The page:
There’s no such thing as shadow IT; there’s just business change you’re involved in, and business change that you’re not involved in.https://twitter.com/EnterprisingA/status/1038099506108227584
- Customer Obsession – Leaders start with the customer and work backwards. They work vigorously to earn and keep customer trust. Although leaders pay attention to competitors, they obsess over customers.
- Ownership – Leaders are owners. They think long term and don’t sacrifice long-term value for short-term results. They act on behalf of the entire company, beyond just their own team. They never say “that’s not my job”.
- Invent and Simplify – Leaders expect and require innovation and invention from their teams and always find ways to simplify. They are externally aware, look for new ideas from everywhere, and are not limited by “not invented here”. As we do new things, we accept that we may be misunderstood for long periods of time.
- Are Right, A Lot – Leaders are right a lot. They have strong judgment and good instincts. They seek diverse perspectives and work to disconfirm their beliefs.
- Learn and Be Curious – Leaders are never done learning and always seek to improve themselves. They are curious about new possibilities and act to explore them.
- Hire and Develop the Best – Leaders raise the performance bar with every hire and promotion. They recognize exceptional talent, and willingly move them throughout the organization. Leaders develop leaders and take seriously their role in coaching others. We work on behalf of our people to invent mechanisms for development like Career Choice.
- Insist on the Highest Standards – Leaders have relentlessly high standards – many people may think these standards are unreasonably high. Leaders are continually raising the bar and driving their teams to deliver high quality products, services and processes. Leaders ensure that defects do not get sent down the line and that problems are fixed so they stay fixed.
- Think Big – Thinking small is a self-fulfilling prophecy. Leaders create and communicate a bold direction that inspires results. They think differently and look around corners for ways to serve customers.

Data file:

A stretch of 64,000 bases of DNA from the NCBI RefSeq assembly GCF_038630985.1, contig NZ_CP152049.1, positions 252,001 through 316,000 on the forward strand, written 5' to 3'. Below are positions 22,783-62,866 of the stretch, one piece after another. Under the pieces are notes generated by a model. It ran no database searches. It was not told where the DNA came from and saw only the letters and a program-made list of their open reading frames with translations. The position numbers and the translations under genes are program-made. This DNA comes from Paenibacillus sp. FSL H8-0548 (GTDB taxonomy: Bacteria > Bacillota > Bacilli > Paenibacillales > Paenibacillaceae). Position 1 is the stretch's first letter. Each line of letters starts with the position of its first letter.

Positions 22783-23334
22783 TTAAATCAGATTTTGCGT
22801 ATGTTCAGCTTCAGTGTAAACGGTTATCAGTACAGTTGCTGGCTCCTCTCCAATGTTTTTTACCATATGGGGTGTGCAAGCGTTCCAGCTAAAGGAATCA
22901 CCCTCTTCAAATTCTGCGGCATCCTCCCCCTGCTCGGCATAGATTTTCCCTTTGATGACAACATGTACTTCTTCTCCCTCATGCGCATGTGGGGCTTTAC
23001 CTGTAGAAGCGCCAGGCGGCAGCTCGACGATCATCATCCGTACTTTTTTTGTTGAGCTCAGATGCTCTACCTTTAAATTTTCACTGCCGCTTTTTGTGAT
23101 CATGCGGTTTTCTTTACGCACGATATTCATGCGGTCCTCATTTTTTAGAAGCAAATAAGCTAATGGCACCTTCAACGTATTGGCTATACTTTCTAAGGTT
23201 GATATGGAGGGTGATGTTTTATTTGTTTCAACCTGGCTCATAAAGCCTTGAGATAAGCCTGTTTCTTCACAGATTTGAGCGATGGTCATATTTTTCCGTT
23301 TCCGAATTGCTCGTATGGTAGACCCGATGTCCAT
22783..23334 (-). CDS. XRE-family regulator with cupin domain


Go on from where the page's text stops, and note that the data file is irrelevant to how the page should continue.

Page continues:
- Bias for Action – Speed matters in business. Many decisions and actions are reversible and do not need extensive study. We value calculated risk taking.
- Frugality – Accomplish more with less. Constraints breed resourcefulness, self-sufficiency and invention. There are no extra points for growing headcount, budget size or fixed expense.
- Earn Trust – Leaders listen attentively, speak candidly, and treat others respectfully. They are vocally self-critical, even when doing so is awkward or embarrassing. Leaders do not believe their or their team’s body odor smells of perfume. They benchmark themselves and their teams against the best.
- Dive Deep – Leaders operate at all levels, stay connected to the details, audit frequently, and are skeptical when metrics and anecdote differ. No task is beneath them.
- Have Backbone; Disagree and Commit – Leaders are obligated to respectfully challenge decisions when they disagree, even when doing so is uncomfortable or exhausting. Leaders have conviction and are tenacious. They do not compromise for the sake of social cohesion. Once a decision is determined, they commit wholly.
- Deliver Results – Leaders focus on the key inputs for their business and deliver them with the right quality and in a timely fashion. Despite setbacks, they rise to the occasion and never settle.
Have you ever found yourself saying things like:
- Why are enterprises so slow?
- How do they decide what to buy?
- Why is it so hard to deliver things in an enterprise?
I worked for a large ‘enterprise’ organisation for a few years trying to deliver infrastructure software change, and found myself having to explain these things to developers who worked there, salespeople, external open source engineers, software engineers who worked for enterprise vendors, and even many, many people within that organisation.
A few of those people suggested I write these explanations up so that they could pass it on to their fellow salespeople/engineers etc..
Every leader and company knows the WHAT. They can describe their products, their industry, and their competitors. Some companies also know HOW they do WHAT they do — their unique differentiators, their value proposition, and their values. But few companies know or articulate their WHY — their purpose, their cause or their belief. The WHY is their reason for being. And the WHY is why anyone should care.
Since the WHAT is the easiest to know and articulate, most leaders and companies start with WHAT. Sometimes they will also discuss HOW, but they rarely talk about WHY. With respect to the Golden Circle, they go outside-in.
Simon advocates that we should invert the order. Go from the inside-out in the Golden Circle. Start with WHY, discuss the HOW, and end with WHAT.
As Simon writes:
“When most organizations or people think, act or communicate they do so from the outside in, from WHAT to WHY. And for good reason — they go from clearest thing to the fuzziest thing. We say WHAT we do, we sometimes say HOW we do it, but we rarely say WHY we do WHAT we do.”
“When communicating from the inside out, however, the WHY is offered as the reason to buy and the WHATs serve as the tangible proof of that belief.”